Additional Info

Published: November 7th 2014
Pages: 336
Publisher: W.W. Norton & Company
Cover: W.W. Norton & Company, 2014.
Genre: Non-Fiction / Space
ISBN: 9780393351378

"Interstellar, from acclaimed filmmaker Christopher Nolan, takes us on a fantastic voyage far beyond our solar system. Yet in The Science of Interstellar, Kip Thorne, the physicist who assisted Nolan on the scientific aspects of Interstellar, shows us that the movie’s jaw-dropping events and stunning, never-before-attempted visuals are grounded in real science. Thorne shares his experiences working as the science adviser on the film and then moves on to the science itself. In chapters on wormholes, black holes, interstellar travel, and much more, Thorne’s scientific insights—many of them triggered during the actual scripting and shooting of Interstellar—describe the physical laws that govern our universe and the truly astounding phenomena that those laws make possible."
(Source: Goodreads)

Have you read any good non-fiction about space?

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Tuesday, December 22, 2015

Top 10 Books I Wouldn't Mind Santa Leaving Under My Tree This Year | Top Ten Tuesday

My wish list on Amazon has now reached a ridiculous size. At this point, I have no hope of ever buying everything on there.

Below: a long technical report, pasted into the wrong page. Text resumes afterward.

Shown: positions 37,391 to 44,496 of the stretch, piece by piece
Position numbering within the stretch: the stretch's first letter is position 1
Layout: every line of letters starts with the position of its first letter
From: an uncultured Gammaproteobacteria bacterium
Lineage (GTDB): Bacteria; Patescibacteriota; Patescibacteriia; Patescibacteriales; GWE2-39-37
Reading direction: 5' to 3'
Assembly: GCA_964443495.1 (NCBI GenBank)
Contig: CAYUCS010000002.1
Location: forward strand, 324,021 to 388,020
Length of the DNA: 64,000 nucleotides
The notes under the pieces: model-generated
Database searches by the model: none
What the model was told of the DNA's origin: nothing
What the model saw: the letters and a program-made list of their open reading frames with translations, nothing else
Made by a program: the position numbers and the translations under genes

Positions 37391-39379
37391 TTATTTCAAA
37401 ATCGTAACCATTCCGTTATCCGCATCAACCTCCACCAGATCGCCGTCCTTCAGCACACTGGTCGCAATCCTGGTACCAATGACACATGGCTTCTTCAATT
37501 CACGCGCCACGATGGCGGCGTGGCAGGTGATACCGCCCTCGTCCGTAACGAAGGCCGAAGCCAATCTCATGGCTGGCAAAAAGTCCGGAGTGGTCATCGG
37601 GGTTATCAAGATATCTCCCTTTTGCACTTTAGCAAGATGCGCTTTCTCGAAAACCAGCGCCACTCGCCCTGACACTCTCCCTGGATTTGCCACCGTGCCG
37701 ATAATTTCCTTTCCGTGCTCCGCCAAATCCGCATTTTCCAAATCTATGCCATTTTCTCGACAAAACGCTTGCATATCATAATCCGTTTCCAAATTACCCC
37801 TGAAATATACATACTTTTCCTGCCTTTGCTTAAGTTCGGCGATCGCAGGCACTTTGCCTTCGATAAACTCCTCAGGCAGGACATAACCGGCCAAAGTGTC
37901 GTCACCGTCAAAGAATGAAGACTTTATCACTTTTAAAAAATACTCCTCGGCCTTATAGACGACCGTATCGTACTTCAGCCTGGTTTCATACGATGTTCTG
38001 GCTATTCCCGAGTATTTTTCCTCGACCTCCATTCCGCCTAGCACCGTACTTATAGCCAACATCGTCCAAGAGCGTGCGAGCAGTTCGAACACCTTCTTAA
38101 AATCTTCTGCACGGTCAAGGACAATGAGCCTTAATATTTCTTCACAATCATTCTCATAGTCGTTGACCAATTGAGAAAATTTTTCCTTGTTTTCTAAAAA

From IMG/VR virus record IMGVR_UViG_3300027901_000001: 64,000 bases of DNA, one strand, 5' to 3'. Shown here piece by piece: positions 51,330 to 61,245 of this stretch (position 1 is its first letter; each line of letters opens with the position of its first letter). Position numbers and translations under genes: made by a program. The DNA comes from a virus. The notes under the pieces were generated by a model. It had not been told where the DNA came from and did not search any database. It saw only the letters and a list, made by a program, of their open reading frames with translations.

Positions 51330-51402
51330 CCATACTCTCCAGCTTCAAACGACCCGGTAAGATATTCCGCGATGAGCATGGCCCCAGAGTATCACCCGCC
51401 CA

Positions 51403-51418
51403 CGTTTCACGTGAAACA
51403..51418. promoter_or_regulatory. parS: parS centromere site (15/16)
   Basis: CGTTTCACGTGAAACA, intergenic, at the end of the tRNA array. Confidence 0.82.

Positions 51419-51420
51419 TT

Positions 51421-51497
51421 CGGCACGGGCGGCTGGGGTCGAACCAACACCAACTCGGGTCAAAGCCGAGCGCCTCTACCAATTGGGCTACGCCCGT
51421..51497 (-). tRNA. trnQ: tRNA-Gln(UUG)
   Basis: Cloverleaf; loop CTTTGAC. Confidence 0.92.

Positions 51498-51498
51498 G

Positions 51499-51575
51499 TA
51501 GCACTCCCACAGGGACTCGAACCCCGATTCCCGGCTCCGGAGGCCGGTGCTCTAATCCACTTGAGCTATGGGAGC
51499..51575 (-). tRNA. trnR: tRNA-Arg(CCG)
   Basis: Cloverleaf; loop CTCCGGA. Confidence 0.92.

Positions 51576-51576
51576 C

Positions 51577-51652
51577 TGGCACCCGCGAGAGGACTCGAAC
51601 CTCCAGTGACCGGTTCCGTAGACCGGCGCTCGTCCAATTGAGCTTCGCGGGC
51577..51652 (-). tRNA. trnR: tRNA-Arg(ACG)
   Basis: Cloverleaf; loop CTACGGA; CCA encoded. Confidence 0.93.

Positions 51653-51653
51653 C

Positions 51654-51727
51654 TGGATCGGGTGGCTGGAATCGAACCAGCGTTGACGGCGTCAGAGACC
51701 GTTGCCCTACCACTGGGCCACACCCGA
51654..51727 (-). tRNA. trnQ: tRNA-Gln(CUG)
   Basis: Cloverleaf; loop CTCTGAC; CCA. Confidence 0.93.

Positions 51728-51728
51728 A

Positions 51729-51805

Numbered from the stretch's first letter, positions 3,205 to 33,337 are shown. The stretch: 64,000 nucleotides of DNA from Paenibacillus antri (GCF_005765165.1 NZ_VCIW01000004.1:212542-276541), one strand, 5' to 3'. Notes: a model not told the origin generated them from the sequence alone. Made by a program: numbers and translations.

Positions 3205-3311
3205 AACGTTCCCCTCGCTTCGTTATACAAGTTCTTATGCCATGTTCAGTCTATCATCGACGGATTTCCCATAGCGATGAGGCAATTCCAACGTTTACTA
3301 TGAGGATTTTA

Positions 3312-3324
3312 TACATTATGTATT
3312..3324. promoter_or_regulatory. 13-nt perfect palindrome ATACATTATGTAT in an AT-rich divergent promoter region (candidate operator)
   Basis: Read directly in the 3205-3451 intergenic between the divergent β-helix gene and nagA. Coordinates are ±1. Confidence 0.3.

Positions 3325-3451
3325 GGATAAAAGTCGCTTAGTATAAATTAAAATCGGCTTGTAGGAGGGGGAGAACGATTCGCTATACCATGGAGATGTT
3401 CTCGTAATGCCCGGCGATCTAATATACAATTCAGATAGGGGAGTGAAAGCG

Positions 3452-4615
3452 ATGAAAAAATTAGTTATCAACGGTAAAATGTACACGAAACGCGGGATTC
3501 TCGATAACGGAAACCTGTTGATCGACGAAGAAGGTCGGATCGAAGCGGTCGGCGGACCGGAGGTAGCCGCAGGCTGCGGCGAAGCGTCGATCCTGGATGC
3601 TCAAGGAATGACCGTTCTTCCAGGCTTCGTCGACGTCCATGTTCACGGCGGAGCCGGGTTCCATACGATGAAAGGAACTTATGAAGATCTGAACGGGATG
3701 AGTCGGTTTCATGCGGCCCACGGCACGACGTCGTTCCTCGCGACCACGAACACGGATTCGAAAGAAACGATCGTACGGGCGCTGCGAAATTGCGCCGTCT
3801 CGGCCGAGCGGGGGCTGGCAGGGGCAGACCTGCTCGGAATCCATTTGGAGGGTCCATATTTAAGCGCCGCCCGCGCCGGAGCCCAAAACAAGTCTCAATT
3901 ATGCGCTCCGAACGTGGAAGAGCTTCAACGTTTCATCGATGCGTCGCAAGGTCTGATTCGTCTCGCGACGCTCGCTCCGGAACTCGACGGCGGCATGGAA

Here are the top ten books I hope to finally cross off my list and find under my christmas tree. Well, a girl can dream.

 10. THE CIRCLE - Matts Strandberg & Sara Bergmark Elfgren

My friend recommended this to me. Witches and lesbians. I mean, come on, I need to read this ASAP.

9. ALIENATED - Melissa Landers
I have no idea how many posts I have stating this as the next purchase (this time for sure!!!). It's about an alien exchange student coming to live with a human. I need this book.

8. REBOOT - Amy Tintera
People are getting revived, but they're NOT zombies. I need this,

I'm honestly so, so, so curious. I love the avengers and honestly, no matter which avenger this was about, I'd be excited regardless.

The illustrated one. No explanation needed.

Contemporary with lesbians. Yup. Another candidate that has been on my wish list for aaaaaaaaages.

4. ANOTHER DAY - David Levithan
The sequel to my favorite book. It's beyond me why I don't own this yet.

3. ILLUMINAE - Amy Kaufman & Jay Kristoff
Everyone got an ARC of this book at BEA and at this point I am so jealous, it's gettign painful. I need this.

2. INTERSTELLAR - Grey Keyes
The novelization of my favorite movie. Of course I need this.


I might be the last person to discover the brilliance of Rick Riordan (I haven't even finished the PJO series, shame on me!!), but when I found out about this series I almost fainted. I love love love love love Norse mythology and this book series is a dream come true.

What's the book you hope to find under your Christmas tree?

Top Ten Tuesday is a meme originating from The Broke and the Bookish. Every Tuesday they choose topics that we are supposed to create a list about, considering our personal reading preferences.